On the day I was born in 1977, Kendrick Frazier had already been running our sibling publication, Skeptical Inquirer, for about four months.
When he died on November 7, 2022, he had been editor of Skeptical Inquirer for forty-five years, and I had been running Free Inquiry for about four months. I had been his colleague at the Center for Inquiry, which publishes our magazines, for over a decade, and while we didn’t know each other well, we often expressed our mutual respect and admiration. Despite the chasm of experience separating us when I took the helm of Free Inquiry, Ken immediately treated me as his equal. I would have welcomed him affirmatively taking me aside to teach me a few things and help me avoid some rookie mistakes, but instead he allowed me to find my place, offered his counsel should I seek it, welcomed my input, and, perhaps most importantly, showed he had total faith in me. As he was about so many things, he was excited for me.
Ken and I led very different lives and had very different careers leading up to our positions as heads of our respective, complementary publications. Ken was a trained journalist, earning his bachelor’s and master’s degrees in journalism from Columbia University, while my degrees are in theater and political management. Ken was a westerner living in Albuquerque, New Mexico. I hail from the northeast, raised in New Jersey and now living in Maine. Ken was an adventurer, investigating the wonders of nature, exploring different cultures, and delighting in sharing his whole self with his fellow humans, while I am best described as an “indoor cat,” introverted in real-world situations yet eager to perform “in character.” Ken was an enthusiast of science, and I of the arts.
I think what I admired most about Ken was that with all his decades of experience, rich expertise, and deep well of wisdom, he seemed most energized by what he didn’t know. He was positively ebullient over the prospect of learning new things, and having the opportunity to share what he’d learned with thousands of readers was, to him, almost too good to be true. I never saw Ken express derision toward those who had been misled into denying scientific reality or anger at those who choose to close their minds to the wonders of this universe for ideological reasons. Rather, I think he saw willful or imposed ignorance as a tragedy to be prevented or, all else failing, a loss to be grieved.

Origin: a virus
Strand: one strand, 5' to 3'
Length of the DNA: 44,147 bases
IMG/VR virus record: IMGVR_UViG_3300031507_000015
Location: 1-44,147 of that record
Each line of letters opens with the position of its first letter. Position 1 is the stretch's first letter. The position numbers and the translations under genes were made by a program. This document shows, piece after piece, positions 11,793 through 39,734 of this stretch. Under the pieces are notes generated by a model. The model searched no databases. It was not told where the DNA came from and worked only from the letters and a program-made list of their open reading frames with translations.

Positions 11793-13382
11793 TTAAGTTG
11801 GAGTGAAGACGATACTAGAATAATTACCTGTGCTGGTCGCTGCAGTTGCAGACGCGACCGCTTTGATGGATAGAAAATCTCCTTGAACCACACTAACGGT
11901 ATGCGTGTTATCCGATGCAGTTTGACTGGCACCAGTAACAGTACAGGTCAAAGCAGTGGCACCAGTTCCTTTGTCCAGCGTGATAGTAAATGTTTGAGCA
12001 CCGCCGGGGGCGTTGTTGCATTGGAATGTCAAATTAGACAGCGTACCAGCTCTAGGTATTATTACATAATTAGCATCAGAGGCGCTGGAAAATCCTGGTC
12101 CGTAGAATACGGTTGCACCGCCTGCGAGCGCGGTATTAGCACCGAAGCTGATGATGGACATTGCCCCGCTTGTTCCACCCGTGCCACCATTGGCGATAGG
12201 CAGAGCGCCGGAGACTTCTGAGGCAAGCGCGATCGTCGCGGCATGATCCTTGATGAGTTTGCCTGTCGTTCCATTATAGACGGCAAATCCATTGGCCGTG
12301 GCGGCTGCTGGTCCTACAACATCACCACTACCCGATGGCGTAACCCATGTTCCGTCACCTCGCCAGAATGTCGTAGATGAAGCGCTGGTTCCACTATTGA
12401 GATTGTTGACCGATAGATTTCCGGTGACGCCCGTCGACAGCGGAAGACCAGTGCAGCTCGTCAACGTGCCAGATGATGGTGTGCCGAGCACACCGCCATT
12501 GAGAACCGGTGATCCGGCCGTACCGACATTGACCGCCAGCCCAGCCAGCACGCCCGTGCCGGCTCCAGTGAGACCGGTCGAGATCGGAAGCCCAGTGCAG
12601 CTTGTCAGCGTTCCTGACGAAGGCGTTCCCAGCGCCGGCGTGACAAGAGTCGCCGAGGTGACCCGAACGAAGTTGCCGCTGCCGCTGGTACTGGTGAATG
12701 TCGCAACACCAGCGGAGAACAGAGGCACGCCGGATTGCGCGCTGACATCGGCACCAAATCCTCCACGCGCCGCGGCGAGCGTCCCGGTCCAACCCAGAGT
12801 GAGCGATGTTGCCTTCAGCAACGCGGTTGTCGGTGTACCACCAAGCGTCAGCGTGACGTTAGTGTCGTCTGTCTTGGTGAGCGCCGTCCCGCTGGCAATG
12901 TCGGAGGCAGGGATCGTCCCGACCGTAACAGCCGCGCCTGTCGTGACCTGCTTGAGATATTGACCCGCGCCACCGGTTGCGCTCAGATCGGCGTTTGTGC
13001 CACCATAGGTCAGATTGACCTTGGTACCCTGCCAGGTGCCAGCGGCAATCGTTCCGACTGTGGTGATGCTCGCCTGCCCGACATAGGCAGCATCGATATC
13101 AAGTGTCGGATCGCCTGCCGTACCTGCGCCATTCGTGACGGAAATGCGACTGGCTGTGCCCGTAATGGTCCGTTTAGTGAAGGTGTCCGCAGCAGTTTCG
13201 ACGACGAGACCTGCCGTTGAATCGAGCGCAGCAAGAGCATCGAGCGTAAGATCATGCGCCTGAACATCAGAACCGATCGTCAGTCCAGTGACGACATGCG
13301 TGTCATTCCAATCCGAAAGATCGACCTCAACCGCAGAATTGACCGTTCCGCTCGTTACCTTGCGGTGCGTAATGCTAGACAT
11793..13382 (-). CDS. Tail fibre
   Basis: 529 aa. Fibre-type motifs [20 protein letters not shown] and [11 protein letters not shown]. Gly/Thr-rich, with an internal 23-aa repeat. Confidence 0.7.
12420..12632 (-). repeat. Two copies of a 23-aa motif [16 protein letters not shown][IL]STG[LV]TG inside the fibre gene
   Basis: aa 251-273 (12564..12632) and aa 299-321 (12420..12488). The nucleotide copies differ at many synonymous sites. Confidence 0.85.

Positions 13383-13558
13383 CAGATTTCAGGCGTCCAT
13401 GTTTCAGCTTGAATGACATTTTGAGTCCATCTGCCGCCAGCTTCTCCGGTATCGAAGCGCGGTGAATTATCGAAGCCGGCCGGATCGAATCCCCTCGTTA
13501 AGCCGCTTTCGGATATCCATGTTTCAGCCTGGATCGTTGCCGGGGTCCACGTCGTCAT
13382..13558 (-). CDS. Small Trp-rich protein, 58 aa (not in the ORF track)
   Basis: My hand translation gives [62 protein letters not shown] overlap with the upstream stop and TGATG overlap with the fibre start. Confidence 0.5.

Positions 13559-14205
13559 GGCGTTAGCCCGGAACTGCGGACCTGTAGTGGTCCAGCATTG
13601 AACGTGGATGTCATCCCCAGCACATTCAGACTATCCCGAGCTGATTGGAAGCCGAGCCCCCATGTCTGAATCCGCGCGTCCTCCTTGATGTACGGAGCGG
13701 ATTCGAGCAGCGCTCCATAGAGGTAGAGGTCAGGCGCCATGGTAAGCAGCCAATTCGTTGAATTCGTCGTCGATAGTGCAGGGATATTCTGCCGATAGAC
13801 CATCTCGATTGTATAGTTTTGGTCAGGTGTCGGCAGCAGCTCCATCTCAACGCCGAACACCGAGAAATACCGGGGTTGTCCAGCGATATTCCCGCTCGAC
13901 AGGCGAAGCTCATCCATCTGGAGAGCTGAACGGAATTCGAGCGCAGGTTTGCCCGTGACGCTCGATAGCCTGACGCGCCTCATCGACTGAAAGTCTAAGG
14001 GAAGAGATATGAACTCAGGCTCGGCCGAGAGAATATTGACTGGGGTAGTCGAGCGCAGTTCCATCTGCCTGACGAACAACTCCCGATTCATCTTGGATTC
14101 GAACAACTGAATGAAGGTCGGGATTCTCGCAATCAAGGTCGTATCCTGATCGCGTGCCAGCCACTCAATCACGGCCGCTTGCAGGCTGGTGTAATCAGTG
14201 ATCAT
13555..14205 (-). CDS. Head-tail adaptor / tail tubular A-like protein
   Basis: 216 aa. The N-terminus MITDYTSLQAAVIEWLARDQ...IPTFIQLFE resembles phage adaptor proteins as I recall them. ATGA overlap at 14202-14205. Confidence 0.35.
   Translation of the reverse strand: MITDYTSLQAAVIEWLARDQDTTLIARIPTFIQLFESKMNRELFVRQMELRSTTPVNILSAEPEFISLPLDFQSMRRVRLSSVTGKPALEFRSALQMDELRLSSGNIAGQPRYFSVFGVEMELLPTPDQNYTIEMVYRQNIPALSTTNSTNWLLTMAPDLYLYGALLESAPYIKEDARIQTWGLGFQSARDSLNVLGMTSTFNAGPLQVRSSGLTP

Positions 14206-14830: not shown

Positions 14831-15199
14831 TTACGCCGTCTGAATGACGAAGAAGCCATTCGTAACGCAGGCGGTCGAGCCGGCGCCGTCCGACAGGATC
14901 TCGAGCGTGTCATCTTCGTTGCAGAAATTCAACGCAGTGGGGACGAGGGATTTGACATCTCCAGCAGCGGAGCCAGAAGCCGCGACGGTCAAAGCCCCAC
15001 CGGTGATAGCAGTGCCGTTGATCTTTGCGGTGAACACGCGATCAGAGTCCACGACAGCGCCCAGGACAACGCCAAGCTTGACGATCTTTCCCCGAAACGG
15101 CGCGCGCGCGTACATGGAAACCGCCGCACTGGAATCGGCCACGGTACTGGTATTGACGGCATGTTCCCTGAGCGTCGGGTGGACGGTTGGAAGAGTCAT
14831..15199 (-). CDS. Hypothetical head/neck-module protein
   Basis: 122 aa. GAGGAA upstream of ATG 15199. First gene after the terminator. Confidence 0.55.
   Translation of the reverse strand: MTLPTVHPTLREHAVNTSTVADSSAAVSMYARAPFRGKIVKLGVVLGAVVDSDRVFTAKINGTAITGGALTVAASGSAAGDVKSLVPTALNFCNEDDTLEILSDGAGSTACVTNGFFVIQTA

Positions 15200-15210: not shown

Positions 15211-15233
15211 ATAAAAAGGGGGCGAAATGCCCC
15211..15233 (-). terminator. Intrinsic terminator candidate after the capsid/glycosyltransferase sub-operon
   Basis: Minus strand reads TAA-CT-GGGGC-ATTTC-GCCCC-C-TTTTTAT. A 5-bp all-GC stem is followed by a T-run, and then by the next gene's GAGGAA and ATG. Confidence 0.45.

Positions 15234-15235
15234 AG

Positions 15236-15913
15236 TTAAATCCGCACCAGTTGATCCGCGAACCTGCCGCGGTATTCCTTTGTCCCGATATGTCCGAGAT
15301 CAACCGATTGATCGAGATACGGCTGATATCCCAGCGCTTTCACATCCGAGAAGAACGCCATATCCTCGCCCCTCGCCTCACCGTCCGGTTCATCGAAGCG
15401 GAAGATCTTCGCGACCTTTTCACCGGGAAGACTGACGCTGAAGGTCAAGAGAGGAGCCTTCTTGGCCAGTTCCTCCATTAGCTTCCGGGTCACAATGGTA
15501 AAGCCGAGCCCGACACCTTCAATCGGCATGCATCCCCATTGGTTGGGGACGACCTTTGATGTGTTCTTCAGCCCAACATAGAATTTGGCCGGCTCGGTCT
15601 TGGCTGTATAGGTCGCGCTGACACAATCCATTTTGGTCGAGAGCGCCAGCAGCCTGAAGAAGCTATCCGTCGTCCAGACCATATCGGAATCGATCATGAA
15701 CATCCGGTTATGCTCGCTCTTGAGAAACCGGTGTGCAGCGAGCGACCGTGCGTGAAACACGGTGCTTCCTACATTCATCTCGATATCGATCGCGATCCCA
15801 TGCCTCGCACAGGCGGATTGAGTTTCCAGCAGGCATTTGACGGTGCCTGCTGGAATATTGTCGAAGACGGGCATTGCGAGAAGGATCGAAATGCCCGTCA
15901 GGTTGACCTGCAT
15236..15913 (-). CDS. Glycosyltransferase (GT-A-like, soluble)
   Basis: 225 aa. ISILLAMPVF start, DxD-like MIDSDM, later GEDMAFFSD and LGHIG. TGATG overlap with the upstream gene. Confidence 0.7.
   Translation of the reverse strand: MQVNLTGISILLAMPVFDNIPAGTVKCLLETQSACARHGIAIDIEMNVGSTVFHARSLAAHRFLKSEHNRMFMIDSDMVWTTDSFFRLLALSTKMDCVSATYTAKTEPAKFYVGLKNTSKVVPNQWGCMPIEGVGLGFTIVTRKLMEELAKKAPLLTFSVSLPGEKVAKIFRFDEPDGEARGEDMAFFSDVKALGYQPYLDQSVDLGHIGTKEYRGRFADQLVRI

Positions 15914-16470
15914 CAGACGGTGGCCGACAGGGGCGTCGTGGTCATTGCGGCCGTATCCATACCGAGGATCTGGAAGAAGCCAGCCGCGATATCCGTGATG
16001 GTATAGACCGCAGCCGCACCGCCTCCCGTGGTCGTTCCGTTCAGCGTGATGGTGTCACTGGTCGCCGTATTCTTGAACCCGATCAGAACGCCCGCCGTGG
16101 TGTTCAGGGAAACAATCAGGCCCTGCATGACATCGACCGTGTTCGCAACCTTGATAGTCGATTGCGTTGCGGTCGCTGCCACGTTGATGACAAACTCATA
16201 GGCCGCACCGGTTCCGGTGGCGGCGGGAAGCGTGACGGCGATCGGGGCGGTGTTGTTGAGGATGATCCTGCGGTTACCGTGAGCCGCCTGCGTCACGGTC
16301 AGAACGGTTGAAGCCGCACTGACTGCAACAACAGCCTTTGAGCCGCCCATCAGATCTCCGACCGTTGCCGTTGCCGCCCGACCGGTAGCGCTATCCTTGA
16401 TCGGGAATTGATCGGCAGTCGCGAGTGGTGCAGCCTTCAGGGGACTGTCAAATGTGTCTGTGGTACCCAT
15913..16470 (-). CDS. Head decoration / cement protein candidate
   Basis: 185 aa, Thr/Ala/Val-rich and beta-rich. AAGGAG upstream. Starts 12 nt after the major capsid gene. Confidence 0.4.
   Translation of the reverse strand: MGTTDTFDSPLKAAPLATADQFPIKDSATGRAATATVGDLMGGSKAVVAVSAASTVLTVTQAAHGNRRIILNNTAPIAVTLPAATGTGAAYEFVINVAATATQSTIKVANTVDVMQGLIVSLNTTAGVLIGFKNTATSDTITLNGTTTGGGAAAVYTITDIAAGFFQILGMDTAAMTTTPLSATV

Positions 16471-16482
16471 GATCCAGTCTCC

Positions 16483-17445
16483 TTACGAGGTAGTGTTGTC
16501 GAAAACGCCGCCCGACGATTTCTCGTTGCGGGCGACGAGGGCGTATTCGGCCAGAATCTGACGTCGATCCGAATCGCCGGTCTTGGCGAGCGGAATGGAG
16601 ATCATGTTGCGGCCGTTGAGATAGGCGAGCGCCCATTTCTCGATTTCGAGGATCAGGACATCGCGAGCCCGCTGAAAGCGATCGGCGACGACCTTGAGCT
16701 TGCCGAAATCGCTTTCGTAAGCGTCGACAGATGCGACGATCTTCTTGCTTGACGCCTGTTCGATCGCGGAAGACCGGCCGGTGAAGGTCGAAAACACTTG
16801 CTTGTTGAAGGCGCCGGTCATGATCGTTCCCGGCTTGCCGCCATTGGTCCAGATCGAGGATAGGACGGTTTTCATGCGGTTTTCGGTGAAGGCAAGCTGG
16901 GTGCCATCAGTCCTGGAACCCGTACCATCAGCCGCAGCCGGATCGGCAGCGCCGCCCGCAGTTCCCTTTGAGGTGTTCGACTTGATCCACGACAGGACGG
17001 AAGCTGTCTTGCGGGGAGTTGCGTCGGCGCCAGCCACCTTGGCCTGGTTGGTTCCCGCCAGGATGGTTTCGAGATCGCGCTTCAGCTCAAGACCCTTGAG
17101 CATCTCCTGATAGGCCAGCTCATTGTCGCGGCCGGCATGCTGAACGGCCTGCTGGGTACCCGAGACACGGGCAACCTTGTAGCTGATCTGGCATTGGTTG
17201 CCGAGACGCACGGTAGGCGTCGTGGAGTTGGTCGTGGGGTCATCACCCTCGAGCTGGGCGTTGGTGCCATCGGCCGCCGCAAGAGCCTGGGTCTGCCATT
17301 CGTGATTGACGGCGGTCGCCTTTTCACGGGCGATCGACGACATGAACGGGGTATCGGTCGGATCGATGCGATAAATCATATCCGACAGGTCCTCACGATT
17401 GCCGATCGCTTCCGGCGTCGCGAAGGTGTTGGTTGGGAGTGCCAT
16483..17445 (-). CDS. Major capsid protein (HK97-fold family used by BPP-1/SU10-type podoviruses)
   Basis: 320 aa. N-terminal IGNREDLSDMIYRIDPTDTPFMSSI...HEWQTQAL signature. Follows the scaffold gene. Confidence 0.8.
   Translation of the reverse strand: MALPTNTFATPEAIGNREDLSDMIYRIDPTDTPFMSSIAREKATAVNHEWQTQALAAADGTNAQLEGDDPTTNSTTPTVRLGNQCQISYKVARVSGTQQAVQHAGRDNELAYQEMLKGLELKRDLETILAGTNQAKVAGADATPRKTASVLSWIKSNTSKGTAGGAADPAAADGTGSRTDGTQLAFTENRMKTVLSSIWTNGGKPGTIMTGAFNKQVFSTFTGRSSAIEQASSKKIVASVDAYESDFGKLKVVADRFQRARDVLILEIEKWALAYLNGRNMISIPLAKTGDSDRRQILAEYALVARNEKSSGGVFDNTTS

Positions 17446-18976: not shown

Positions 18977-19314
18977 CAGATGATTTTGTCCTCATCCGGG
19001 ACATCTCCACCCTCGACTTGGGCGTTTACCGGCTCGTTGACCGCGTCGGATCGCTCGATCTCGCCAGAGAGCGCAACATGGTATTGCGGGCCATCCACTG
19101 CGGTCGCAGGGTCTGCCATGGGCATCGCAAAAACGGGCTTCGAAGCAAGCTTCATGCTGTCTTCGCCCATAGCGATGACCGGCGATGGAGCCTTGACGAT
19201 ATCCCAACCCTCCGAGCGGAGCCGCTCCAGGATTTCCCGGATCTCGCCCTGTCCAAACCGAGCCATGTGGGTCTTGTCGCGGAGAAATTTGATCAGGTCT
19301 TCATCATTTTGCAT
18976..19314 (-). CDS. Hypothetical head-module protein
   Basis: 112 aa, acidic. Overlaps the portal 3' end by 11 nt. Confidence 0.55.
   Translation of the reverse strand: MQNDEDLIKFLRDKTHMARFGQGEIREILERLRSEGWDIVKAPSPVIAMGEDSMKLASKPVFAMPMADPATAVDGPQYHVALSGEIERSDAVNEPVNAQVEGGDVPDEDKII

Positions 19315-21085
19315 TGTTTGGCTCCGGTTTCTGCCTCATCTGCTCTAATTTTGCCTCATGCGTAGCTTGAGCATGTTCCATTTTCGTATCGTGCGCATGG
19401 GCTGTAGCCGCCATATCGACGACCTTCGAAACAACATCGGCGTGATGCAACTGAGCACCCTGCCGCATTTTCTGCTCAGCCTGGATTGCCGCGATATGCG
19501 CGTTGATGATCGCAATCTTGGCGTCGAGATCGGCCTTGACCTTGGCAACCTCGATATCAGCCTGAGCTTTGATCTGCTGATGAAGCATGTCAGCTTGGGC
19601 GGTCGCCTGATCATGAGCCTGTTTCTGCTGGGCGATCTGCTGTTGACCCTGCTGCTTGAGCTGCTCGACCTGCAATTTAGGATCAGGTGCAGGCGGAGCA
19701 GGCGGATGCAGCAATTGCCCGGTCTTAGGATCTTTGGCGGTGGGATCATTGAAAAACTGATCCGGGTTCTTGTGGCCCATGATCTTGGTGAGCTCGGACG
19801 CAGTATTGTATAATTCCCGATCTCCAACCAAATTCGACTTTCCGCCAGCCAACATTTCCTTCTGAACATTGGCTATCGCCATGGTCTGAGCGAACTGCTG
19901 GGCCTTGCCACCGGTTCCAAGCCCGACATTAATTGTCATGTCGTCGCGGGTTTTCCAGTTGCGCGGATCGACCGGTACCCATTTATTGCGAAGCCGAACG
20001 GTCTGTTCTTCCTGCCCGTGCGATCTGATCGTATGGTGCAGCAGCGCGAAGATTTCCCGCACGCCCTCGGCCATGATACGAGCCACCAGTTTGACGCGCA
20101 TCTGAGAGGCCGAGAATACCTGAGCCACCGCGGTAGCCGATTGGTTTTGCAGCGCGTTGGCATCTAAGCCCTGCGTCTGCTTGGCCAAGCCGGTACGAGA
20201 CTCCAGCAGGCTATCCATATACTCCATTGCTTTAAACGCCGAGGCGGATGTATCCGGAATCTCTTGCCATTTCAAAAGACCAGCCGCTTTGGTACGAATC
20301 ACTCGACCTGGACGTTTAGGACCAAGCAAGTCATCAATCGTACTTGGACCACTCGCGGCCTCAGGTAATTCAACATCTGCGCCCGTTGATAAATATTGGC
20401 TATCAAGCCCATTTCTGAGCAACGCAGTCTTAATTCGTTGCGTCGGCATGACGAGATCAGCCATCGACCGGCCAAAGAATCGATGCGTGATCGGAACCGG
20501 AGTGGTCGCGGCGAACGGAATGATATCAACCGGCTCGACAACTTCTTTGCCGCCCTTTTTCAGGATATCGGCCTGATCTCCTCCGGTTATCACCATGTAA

That’s where Kendrick Frazier, the scientific skeptic, was also Kendrick Frazier, the secular humanist. His skepticism was clearly grounded in his humanist, moral conviction that everyone should have the opportunity to be enriched with knowledge, be motivated by questions, and be free to express all of it. Similarly, my own secular humanist values are grounded in my skepticism, because we cannot hope to realize a better, freer world for all unless we deal with that world as it truly is, not as we would like to believe it is.
Ken and I had that in common, an intuition that the objective and the subjective are both essential to the human experience. Both of us understood, all too well, that what we don’t know will always be unfathomably more vast than what we do know. Too often, I have found that fact daunting and diminishing. Ken, I think, found it exhilarating. It means that literally every moment of our conscious existence presents another opportunity to learn something new. Every moment that we exist, we are richer for it.
“I have lived a fortunate life,” wrote Ken just before he died. “My heart is full of gratitude.”1
The universe is so big, and no single lifetime could ever be enough to take it all in. We grieve that Ken is no longer in this universe with us. Our hearts are full of gratitude that he was.
1. Kendrick Frazier, “A Personal Note to Readers of the Skeptical Inquirer.” Skeptical Inquirer, vol. 47, no. 1 (January/February 2023). Available online at https://skepticalinquirer.org/2022/12/a-personal-note-to-readers-of-the-skeptical-inquirer/.
On the day I was born in 1977, Kendrick Frazier had already been running our sibling publication, Skeptical Inquirer, for about four months. When he died on November 7, 2022, he had been editor of Skeptical Inquirer for forty-five years, and I had been running Free Inquiry for about four months. I had been his …